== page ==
Ordinarily one Friday every July, the Community Action Partnership of Providence closes for the day and staff gathers at a state park in a gazebo.

There’s a potluck lunch and drink provided by both the agency and employees. Staffs family is invited to attend. There’s music and laughter and a general mood of celebrating each other’s successes. It’s an All-Staff meeting, work is discussed; ideas and plans for the future are presented but it’s a much more casual and warm atmosphere than a regular staff meeting that includes volleyball and typically ends in a water balloon fight.

But nothing about 2020 has been ordinary.

Instead of a summer day in the park, staff members met up in September on the large wide open grounds of our Broad Street location. There are too many employees to meet indoors all at once, so everyone was instructed to wear masks, maintain a six-foot distance from each other and stand outside. Social distancing has become standard procedure but it was still difficult for co-workers to socialize while the sound of their voices was muffled by masks and soaked up by the autumn sky.

And then came the drizzle. A mist that was just annoying enough to fog up everyone’s glasses but not enough to need to adjourn the meeting for a sunnier day.

Executive Director Rilwan Feyisitan, Jr. is not a man who needs a megaphone. His voice carried to all 50 staff members as he gave praise to everyone for the way they came together to ensure the CAPP’s mission of supporting 33,000 Providence residents living at or below the poverty line continued in the face of the global COVID-19 health crisis.

“We serve residents in need, people in crisis and (COVID-19) has put extra pressure and stress on everyone. But, I’m proud of how our staff has come through and come together to support our Providence residents and families in need,” he said.

Proceeding to praise the agency’s hard-working staff in how they adjusted to the “new normal” operations and procedures, Feyisitan presented several members of staff with special commendations for going above and beyond.

Low-Income Home Energy Assistance Program (LIHEAP) Supervisor Eskalina, who started with CAPP as a volunteer and has steadily climbed the ladder, was praised for always maintaining a positive attitude and serving the LIHEAP department with distinction.

Receptionists, Grisell (Gini) and Virginia were celebrated for being the first point of contact for every individual who enter the building. On top of her regular duties, Gini (one of CAPP’s longest-serving employees) has been helping to deliver meals to members of CAPP’s senior program who are no longer able to gather for communal meals at 807 Broad Street. Virginia is known for being a perpetually helpful and cheery presence behind the reception desk and has always been willing to take on new tasks and responsibilities in her job and excels at every turn.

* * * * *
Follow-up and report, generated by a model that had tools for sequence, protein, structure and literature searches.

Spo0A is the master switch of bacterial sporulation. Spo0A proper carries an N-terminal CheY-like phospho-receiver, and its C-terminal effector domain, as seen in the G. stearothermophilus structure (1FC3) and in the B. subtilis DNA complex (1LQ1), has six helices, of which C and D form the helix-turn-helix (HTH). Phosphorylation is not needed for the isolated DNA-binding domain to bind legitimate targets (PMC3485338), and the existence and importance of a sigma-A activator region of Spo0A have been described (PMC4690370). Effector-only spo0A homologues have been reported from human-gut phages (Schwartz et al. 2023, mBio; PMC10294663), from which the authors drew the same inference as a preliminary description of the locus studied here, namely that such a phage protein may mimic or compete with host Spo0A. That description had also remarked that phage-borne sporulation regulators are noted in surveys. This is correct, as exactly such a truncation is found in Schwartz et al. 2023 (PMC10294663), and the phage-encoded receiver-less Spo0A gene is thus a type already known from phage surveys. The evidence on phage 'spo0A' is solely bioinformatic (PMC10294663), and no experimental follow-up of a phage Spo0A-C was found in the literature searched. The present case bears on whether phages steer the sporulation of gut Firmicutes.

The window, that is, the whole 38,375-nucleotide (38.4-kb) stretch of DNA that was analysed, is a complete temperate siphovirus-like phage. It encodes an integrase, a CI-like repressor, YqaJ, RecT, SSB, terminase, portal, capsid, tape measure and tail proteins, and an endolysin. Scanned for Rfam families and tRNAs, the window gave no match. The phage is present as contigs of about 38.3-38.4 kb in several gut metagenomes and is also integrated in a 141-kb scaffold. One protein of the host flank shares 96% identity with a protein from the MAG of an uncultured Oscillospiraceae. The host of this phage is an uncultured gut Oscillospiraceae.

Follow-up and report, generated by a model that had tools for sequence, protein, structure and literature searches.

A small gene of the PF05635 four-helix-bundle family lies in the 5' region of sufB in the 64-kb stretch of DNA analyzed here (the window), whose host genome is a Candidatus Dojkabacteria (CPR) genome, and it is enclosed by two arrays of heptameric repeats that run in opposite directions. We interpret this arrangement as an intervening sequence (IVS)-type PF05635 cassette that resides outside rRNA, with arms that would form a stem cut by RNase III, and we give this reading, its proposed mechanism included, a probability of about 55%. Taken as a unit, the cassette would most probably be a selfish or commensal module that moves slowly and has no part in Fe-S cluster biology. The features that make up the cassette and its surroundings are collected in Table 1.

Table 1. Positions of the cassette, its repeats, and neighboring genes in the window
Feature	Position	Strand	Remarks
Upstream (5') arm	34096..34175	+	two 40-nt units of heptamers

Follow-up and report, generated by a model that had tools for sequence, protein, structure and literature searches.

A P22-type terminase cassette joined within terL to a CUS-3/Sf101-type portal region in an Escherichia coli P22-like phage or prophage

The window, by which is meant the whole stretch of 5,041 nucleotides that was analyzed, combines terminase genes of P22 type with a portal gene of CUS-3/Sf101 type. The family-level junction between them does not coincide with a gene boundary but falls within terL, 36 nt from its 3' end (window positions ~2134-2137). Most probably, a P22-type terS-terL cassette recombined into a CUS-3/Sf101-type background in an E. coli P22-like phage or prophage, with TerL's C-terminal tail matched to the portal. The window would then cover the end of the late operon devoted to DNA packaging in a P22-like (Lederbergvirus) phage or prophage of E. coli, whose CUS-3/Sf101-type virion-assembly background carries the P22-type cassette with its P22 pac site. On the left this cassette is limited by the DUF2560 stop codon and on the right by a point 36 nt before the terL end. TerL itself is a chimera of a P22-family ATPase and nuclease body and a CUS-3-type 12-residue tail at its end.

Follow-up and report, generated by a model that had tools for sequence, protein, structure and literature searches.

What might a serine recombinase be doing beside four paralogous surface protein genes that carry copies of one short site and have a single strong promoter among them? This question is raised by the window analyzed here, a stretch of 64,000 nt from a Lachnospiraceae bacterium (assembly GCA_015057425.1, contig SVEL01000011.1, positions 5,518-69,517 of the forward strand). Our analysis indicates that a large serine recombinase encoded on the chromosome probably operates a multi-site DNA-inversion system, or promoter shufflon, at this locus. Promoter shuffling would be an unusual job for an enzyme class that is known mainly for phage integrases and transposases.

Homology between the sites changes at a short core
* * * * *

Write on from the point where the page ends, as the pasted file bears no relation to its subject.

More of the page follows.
To say that the coronavirus outbreak has CAPP’s one-man maintenance staff busier than ever before would be a massive understatement. Yet, Jose rises to the occasion, keeping the main building’s doorknobs, railings and high-touch surfaces are sanitized, ensuring the dispensers of hand soap and sanitizer are full in addition to his regular duties. Jose has also been helping to deliver meals and supplemental food pantryitems to isolated seniors and disabled or immunocompromised residents.

No agency program can run seamlessly without a support staff who is capable of thinking quickly and being adaptable. CAPP’s Weatherization and AMP program is no exception. State-issued guidelines and mandates have affected most programs but perhaps none as much as Weatherization. Auditors for a time were unable to enter residents’ homes to perform their work. However, virtual audits and boiler replacements continued in emergency situations only as COVID spread. Any time a roadblock or unexpected complication has arisen, Weatherization Clerk Joy-L has come up with options and presented solutions making her an invaluable member of the CAPP team.

Congratulations Eskalina, Gini, Virginia, Jose and Joy-L!

As a way of trying to keep gatherings small, the meeting was held in two sections, the main staffers partook in the early session. They were treated to food cooked on the grill for them by CAPPs Executive Director. An Ice-cream truck was rented for them and then they were allowed to have the rest of the day off. The Management Team stayed for the latter half of the meeting. They received a highly informative briefing on the recent changes to COVID-19 era guidelines and mandates from the HR department and were able to ask questions about virus symptoms, knowing when to call out of work if they or someone at home was sick and other protection measures.

In a fleeting moment of normality, the management team was later able to engage in some socially-distanced games and pizza after the awards were presented. Intentional or not, the metaphoric symbolism of antipoverty employees playing giant Jenga during a pandemic wasn’t lost on anyone.